Mead Johnson has expressed its confidence in the prospects for toddler milk business in the US, a smaller market for the product than in Europe and Asia.
Toddler milk accounts for 6% of the US infant formula market, below levels seen in Europe, Asia and Latin America.
However, speaking at the Consumer Analyst Group of New York investment conference in Florida today, Mead Johnson president and CEO Kasper Jakobsen said the company had seen its toddler milk business expand last year, which he said meant the category grew by a percentage point to 6%.
Jakobsen said Mead Johnson, which sells toddler milk under the Enfagrow brand in the US, had an “absolute commitment” to building the category in North America. “There is no reason this category cannot be as significant as it is in Europe, Asia and Latin America,” he said.
The Mead Johnson chief said the company’s investment in advertising and driven “very favourable” metrics in consumer awareness and repeat purchase.
He said Mead Johnson’s “key message” was on the link between consumption of DHA and brain development of toddlers. “Eighty-five per cent of brain development occurs in the first three years of life and only two servings a day will get your child to your recommended daily intake [of DHA]. It’s a strong, simple message that is resonating with paediatricians on one hand and parents on the other,” he said.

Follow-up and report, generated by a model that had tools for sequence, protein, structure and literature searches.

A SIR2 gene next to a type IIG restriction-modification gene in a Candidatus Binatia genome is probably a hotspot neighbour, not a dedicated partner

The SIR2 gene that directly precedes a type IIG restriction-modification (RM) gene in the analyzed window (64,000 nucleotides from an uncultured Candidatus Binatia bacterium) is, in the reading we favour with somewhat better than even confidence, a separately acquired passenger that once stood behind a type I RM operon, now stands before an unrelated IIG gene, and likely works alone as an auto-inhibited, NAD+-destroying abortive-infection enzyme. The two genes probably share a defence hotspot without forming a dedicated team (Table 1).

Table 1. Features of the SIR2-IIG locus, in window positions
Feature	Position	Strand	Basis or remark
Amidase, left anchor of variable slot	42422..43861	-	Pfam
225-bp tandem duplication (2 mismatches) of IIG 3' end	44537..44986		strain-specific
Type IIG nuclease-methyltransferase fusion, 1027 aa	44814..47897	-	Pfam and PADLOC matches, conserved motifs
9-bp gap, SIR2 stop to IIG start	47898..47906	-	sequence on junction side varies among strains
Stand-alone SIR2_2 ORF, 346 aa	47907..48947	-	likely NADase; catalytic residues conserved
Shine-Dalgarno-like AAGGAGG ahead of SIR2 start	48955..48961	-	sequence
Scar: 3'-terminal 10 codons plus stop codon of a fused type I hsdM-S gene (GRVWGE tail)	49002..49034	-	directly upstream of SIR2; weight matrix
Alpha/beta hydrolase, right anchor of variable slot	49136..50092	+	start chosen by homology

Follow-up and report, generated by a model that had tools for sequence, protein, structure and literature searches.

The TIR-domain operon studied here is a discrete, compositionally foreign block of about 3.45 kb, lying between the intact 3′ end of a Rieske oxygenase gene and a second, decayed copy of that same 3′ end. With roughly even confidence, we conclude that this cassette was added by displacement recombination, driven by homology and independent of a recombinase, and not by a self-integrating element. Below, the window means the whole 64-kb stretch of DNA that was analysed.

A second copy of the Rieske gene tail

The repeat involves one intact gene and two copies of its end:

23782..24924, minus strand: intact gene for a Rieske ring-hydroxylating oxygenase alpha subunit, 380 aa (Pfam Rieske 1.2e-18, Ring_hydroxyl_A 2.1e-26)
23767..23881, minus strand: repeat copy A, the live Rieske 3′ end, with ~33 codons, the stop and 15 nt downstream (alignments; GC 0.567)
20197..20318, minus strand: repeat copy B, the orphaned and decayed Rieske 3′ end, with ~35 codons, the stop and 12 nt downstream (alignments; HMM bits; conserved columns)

Jakobsen said Mead Johnson would “continue to invest at a level well above that of the company average” behind Enfagrow.
Pressed from the audience about how US consumers view DHA, Jakobsen acknowledged it is “the obstacle” to the growth of the toddler milk category in the market. “No-one has really been explaining to the US parent what this category has been about and what it has to offer,” he said.
However, he added: “What we are demonstrating is that when we put money against it, we have the ability to drive awareness significantly higher. We have other metrics that show when we do so, we get trial and when we get trial, we get repeat. I feel very optimistic. It’s clearly not going to be something that happens in the next six months or even in the next two or three years.
“But we’ve spoken about the fact 2014 was the second consecutive year we saw well over 20% growth in our toddler business in the US. You don’t need to rack up too many years like that in a row before it becomes meaningful. We are right at that cusp where the Enfagrow business as a component within the broader North American business is now beginning to become a significant driver of growth within that business.”
Jakobsen said the US market was the “highlight” of the company’s performance in 2014, when sales climbed 10%. He pointed to the rise in November of Mead Johnson’s Enfamil brand became the largest brand in the US infant formula category, with a market share of 39.5%.
Mead Johnson’s growth amid an approximate 1% rise in birth rates in the US in 2014, compared to a 15% fall over the previous five years. “We expect this trend will continue as we go through this year,” Jakobsen said.
The company’s growth came despite rising breastfeeding rates in the US, which Jakobsen said could ease on the back of more women in the country entering into employment.
“We’ll be watching very closely as we go through 2015 to see whether the improvement in employment trends will cause this trend to abate somewhat. It’s our hope and expectation that this will be the case.”